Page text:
40 Tips to Be a Better Cook

Like a quick delicious chocolate sauce? Want to get the lumps out of white sauce? These practical cooking tips answer many questions asked by both new and experienced cooks.

  1. If potatoes are over-cooked, drain off moisture, cover the pan with a tightly fitting lid, shake 3 to 4 minutes over low heat to dry out. Mash with a little butter, but omit the usual milk; beat until creamy.
  2. When cooking rice and pasta, add 1 to 2 teaspoons oil to the boiling water: this helps keep rice grains and pasta separate.
  3. If the butter is too hard to rub into flour for pastry, grate coarsely and it will rub in easily.
  4. To turn plain flour into self-raising flour, add 2 level teaspoons of baking powder to each cup of flour. Sift mixture several times to distribute baking powder well.
  5. For a health food fan who tries to avoid sugar, sweeten cold drinks with a honey syrup. Dissolve one part honey in one part of warm water. Cool.
  6. When grilling sausages, thread them on a long metal skewer, they’re easier to turn.
  7. For corn on the cob that’s juicy and tender, add ½ cup milk and 1 teaspoon sugar to boiling salted water for cooking.
  8. After using part of a can of tomato paste, pour enough oil into the can to cover the surface; this helps prevent discoloring. Cover top firmly with plastic food wrap and refrigerate. The oil solidifies in the refrigerator: lift it off with a spoon when you use the paste again.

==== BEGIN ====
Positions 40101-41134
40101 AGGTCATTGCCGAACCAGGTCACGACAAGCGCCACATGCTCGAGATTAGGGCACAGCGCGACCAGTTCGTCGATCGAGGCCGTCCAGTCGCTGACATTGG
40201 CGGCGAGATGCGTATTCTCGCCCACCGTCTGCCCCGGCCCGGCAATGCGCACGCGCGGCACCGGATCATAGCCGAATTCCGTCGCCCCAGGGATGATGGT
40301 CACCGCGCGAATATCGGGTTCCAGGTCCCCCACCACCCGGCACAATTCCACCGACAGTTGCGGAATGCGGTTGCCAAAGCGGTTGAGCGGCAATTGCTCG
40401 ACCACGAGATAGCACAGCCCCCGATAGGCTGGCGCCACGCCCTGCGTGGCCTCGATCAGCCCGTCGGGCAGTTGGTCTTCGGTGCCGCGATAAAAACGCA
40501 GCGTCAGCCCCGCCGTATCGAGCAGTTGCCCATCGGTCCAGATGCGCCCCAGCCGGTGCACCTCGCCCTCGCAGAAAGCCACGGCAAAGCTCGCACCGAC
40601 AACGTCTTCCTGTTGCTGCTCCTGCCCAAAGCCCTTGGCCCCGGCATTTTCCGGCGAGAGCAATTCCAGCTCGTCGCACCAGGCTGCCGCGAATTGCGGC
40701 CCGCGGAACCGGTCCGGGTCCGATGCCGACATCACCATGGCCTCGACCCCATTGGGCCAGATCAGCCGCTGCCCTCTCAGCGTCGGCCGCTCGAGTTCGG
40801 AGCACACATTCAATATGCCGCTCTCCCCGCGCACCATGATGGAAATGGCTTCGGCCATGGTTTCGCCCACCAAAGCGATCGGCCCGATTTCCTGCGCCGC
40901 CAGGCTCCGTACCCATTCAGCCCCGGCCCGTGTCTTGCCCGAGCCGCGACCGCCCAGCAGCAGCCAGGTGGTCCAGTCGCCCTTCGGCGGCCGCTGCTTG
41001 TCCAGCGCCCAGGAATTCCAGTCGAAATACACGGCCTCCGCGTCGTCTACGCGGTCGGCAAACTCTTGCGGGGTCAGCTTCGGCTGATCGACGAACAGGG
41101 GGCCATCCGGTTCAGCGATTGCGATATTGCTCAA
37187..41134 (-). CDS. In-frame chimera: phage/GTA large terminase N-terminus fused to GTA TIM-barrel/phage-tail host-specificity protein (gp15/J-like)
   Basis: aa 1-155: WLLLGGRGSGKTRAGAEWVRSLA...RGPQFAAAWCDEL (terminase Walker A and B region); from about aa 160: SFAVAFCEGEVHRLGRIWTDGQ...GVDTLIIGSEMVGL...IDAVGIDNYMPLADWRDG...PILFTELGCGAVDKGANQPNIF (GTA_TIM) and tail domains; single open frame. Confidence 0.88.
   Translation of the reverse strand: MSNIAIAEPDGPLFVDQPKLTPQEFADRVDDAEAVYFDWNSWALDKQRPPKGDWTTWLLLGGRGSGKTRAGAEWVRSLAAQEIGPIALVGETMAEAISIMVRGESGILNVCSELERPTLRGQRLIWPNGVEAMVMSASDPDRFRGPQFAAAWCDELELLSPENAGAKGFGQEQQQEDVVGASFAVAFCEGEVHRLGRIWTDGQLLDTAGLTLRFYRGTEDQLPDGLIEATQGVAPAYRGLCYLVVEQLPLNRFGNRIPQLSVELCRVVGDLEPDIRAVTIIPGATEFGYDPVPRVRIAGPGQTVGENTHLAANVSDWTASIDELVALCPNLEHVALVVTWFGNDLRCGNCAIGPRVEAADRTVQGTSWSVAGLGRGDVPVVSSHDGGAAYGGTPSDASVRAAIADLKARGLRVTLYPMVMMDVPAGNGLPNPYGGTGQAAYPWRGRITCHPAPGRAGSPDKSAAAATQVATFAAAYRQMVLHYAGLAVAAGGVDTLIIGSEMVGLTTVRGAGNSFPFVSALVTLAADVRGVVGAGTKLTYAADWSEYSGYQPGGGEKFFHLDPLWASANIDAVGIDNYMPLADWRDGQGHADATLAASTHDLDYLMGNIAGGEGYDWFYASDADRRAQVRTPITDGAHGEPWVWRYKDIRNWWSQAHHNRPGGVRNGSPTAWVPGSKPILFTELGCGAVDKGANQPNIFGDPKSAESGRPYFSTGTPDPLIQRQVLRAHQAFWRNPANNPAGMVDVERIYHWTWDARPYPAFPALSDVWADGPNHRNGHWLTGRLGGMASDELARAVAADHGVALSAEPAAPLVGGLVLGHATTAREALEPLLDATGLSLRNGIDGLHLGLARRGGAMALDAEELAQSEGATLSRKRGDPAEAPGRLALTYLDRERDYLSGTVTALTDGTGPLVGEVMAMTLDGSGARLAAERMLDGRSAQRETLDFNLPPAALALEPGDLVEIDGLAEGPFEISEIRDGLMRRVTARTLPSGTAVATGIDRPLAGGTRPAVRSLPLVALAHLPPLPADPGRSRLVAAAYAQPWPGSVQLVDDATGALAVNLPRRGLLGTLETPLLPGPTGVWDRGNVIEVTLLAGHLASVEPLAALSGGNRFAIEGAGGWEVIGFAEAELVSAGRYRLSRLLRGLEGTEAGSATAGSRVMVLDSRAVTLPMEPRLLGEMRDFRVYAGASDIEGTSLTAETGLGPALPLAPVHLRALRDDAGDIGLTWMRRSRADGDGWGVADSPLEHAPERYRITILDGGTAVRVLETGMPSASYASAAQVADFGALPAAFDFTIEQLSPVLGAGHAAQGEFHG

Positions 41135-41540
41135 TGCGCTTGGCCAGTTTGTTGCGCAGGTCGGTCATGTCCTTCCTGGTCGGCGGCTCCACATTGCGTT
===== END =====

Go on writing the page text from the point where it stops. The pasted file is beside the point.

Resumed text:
9. If stews, gravies, or casseroles are not an appetizing, rich brown color, add soy sauce: ½ to 1 teaspoon is enough.
  10. When measuring spoonfuls of golden syrup or honey, first dip the spoon in boiling water, the syrup or honey will run easily off the warm spoon.
  11. If white sauce becomes lumpy when it comes to the boil, strain through a fine strainer; reheat, stirring gently.
  12. If mayonnaise curdles, put an egg-yolk into a warmed basin, add curdled mayonnaise a spoonful at a time, beating gently.
  13. To make perfect, creamy mashed potatoes, cook potatoes until tender, drain well, return to saucepan and shake overheat 2 minutes to dry off all surplus moisture; potatoes will not whip well unless dry. Mash well with a potato masher; make a hole in the center of potatoes, add milk and butter; allow milk to come to boiling point (it takes only seconds); then, with rotary beater, beat potatoes gradually incorporating milk and butter mixture. When potatoes are well whipped, take a wooden spoon and run it around saucepan edge where rotary beater cannot reach, then whip again. Season with pepper.
  14. Make quick apple sauce to serve with pork: Put contents of 500g (16oz) can pie apple into the saucepan, add 1 tablespoon sugar, 1 teaspoon grated lemon rind, and ½ cup water. Bring to boil, reduce heat, simmer 10 minutes; mash with a potato masher, or puree in the blender.